If you equate the words "block" and "hinge" with construction materials and not books - you've come to the right place. Every day, somewhere, independent authors are pulling out their hair trying to make sure their book is properly formatted for print. Understanding the terminology used to describe each part of a book is the first step to nailing the formatting process and, ultimately, avoiding potential and expensive print issues. Let's get started.
There are two main parts of a book: the exterior and the interior.
The Exterior Anatomy of a Book
The Book Block
The interior of a book is called the book block, which includes all the pages. We'll get into the anatomy of the interior soon, but first, let's cover the basics... No? That one didn't land? Moving on.
The Front Cover
Whether it be a paperback, hardcover, or hardcover with a book jacket - the front cover of a book displays the title, subtitle (if relevant), author's name, and, sometimes, accolades like "New York Times Best Seller," or a quote of praise for the book.
The Back Cover
The back cover of a book contains the blurb - a short description of the book intended to inform or "hook" readers. With hardcover books with a jacket, the blurb will typically be on the front flap. The back cover of a book always includes the barcode.
The spine of a book cover is where the book block is bound. Typically the book's title, the author's name, and, often, the publisher's logo will appear on the spine.
The joints of a book cover are where the spine meets the front and back cover, allowing the book to be opened.
The Anatomy of a Book Jacket
The Book Jacket
Many hardcover books have what is called a book (or dust) jacket. The book jacket protects the book itself from damage and dust. Not all hardcover books have jackets, but the ones that do are made up of front and back flaps, front and back panels, front and back wraps, the spine, and the spine wraps.
The Front Panel
The front panel of a book displays the title, subtitle (if relevant), author's name, and, sometimes, accolades like "New York Times Best Seller," or praise for the book.
The Front Flap
The front flap of the book is wrapped around the inside of the front cover, and typically contains the "blub" of the book, and sometimes a photo and short biography of the author.
The Front and Back Wraps
The front and back wraps are what allow the flaps of the book jacket to fold around the front and back covers of the book.
The Jacket Spine
The jacket spine, much like the book's spine, typically contains the book's title, the author's name, and, often, the publisher's logo.
The Jacket Spine Wraps
The jacket spine wraps allow the jacket to fold around the book.
The Back Flap
The back flap of a book jacket will typically include the author's photo and biography. Often, publishing information will appear here as well.
The Back Panel
Since the blurb is typically on the front flap of a book with a dust jacket, the back panel can serve as a space for praise for the book, taglines, or whatever else the author wants to include! The back panel of the book will always include the barcode.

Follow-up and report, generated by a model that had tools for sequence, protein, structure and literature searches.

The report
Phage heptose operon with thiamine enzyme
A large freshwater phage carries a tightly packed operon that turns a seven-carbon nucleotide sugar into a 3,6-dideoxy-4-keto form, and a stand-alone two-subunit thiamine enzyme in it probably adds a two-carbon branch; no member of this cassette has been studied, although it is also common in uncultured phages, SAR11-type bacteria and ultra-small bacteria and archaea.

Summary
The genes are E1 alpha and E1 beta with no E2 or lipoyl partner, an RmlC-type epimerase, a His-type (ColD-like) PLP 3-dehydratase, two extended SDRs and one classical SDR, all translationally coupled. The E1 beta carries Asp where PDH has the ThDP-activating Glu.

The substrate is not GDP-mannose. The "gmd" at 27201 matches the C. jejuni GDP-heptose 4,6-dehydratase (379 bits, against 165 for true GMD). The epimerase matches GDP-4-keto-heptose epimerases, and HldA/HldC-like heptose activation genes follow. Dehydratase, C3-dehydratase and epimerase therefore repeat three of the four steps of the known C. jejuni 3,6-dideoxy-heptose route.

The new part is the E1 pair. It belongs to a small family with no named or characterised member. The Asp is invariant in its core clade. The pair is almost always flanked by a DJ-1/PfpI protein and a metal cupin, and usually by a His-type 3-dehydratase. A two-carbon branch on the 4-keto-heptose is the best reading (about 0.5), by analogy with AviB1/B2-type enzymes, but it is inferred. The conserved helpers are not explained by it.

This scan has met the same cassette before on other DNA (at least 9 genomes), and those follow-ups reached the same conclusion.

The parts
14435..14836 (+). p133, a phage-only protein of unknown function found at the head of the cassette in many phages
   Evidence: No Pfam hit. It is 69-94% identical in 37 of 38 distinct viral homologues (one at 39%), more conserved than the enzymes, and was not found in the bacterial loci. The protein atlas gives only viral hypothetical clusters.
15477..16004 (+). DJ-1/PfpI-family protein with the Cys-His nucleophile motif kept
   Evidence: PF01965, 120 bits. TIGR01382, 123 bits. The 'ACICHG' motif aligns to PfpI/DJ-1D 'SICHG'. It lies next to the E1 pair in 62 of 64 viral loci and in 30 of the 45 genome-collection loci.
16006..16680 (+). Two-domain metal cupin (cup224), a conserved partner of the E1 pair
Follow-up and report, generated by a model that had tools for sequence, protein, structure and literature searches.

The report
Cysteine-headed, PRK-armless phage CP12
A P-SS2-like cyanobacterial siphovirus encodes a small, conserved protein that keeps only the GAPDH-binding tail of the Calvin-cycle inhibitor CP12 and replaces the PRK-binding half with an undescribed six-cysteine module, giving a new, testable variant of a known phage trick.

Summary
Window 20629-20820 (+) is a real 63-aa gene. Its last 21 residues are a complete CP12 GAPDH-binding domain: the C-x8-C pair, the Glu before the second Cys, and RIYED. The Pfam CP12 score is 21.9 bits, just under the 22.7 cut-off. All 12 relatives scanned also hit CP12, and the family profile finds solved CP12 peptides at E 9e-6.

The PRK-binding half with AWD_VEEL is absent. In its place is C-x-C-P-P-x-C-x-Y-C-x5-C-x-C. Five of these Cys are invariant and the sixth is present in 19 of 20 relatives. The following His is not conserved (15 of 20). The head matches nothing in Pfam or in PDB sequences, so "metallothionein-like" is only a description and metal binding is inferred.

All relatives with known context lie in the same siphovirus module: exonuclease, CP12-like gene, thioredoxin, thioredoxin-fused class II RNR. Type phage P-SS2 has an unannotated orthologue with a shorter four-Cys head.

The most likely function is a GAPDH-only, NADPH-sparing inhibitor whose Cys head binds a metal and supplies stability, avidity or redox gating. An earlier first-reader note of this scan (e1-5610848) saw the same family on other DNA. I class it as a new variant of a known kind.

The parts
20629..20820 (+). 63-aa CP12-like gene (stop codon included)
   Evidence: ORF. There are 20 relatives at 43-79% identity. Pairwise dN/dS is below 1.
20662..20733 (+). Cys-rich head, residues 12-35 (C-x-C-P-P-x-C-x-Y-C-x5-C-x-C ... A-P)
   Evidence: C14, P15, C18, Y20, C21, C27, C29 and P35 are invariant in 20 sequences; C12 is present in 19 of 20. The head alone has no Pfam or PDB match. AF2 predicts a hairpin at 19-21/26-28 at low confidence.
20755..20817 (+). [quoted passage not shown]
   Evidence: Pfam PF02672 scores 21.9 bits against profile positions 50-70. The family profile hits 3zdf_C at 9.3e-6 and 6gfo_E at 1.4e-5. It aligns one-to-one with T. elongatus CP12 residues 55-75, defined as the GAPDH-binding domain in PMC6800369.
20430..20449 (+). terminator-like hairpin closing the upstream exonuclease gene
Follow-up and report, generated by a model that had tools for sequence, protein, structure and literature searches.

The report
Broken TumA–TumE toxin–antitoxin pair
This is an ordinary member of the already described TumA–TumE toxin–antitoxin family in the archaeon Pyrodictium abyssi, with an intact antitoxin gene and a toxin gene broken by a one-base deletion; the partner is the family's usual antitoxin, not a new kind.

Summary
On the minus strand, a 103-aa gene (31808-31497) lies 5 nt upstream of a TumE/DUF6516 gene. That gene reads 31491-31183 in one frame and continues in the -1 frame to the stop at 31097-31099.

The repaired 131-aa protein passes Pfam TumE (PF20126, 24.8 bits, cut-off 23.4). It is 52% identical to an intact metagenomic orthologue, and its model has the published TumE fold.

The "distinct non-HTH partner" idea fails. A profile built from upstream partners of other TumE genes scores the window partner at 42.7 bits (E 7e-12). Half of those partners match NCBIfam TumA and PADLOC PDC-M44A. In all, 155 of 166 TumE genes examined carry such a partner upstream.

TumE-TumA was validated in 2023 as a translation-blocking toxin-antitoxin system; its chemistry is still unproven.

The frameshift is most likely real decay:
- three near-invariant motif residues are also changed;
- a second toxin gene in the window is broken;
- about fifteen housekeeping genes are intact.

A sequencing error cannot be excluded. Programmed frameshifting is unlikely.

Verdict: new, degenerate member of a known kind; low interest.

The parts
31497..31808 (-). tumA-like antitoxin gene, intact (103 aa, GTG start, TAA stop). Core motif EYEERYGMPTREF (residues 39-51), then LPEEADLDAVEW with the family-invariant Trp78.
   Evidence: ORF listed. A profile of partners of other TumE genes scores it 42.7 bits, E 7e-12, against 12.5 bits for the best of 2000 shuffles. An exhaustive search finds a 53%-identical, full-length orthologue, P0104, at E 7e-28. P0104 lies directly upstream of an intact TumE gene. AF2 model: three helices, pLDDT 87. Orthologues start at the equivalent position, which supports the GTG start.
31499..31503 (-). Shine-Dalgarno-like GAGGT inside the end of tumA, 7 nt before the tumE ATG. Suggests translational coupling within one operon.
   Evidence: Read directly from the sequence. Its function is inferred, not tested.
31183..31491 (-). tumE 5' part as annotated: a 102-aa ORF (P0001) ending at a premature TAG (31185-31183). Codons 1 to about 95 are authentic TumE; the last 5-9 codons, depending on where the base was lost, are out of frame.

The Interior Anatomy of a Book
The spread of a book is the view of verso and recto pages of an open book.
The page of a book is, well, the page! This contains the contents of a book.
The verso page is the left page of the book.
The recto page is the right page of the book.
The Trimmed Edges
The trimmed edges of a book are the top, bottom, and outer edges of each page.
The margin is the space where the text, header, and footer fit on the page and will not be cut off in the printing process. This is known as the "safe zone."
The header is the space above the body or other text on a page. Sometimes the page number will appear here, sometimes the title, sometimes the chapter title. This is up to the author and/or book designers to decide - or, they may decide not to include a header at all as it is an optional formatting element. The only required element here is that page numbers need to appear in either the header or the footer.
The footer is the space above the body or other text on a page. Sometimes the page number will appear here, sometimes the title, sometimes the chapter or section title. This is up to the author and/or book designers to decide - or, they may decide not to include a footer at all as it is an optional formatting element. Footers may also include footnotes, often found in nonfiction books. The only required element here is that page numbers need to appear in either the header or the footer.
The hinge of a book is where the verso and recto pages meet in the middle.
The gutter of a book is no man's land - it's the space between the hinge and the margin where text cannot live.
There you have it! A crash course on the physical anatomy of a book. Keep an eye on the blog to catch the anatomy of the content of a book - coming soon!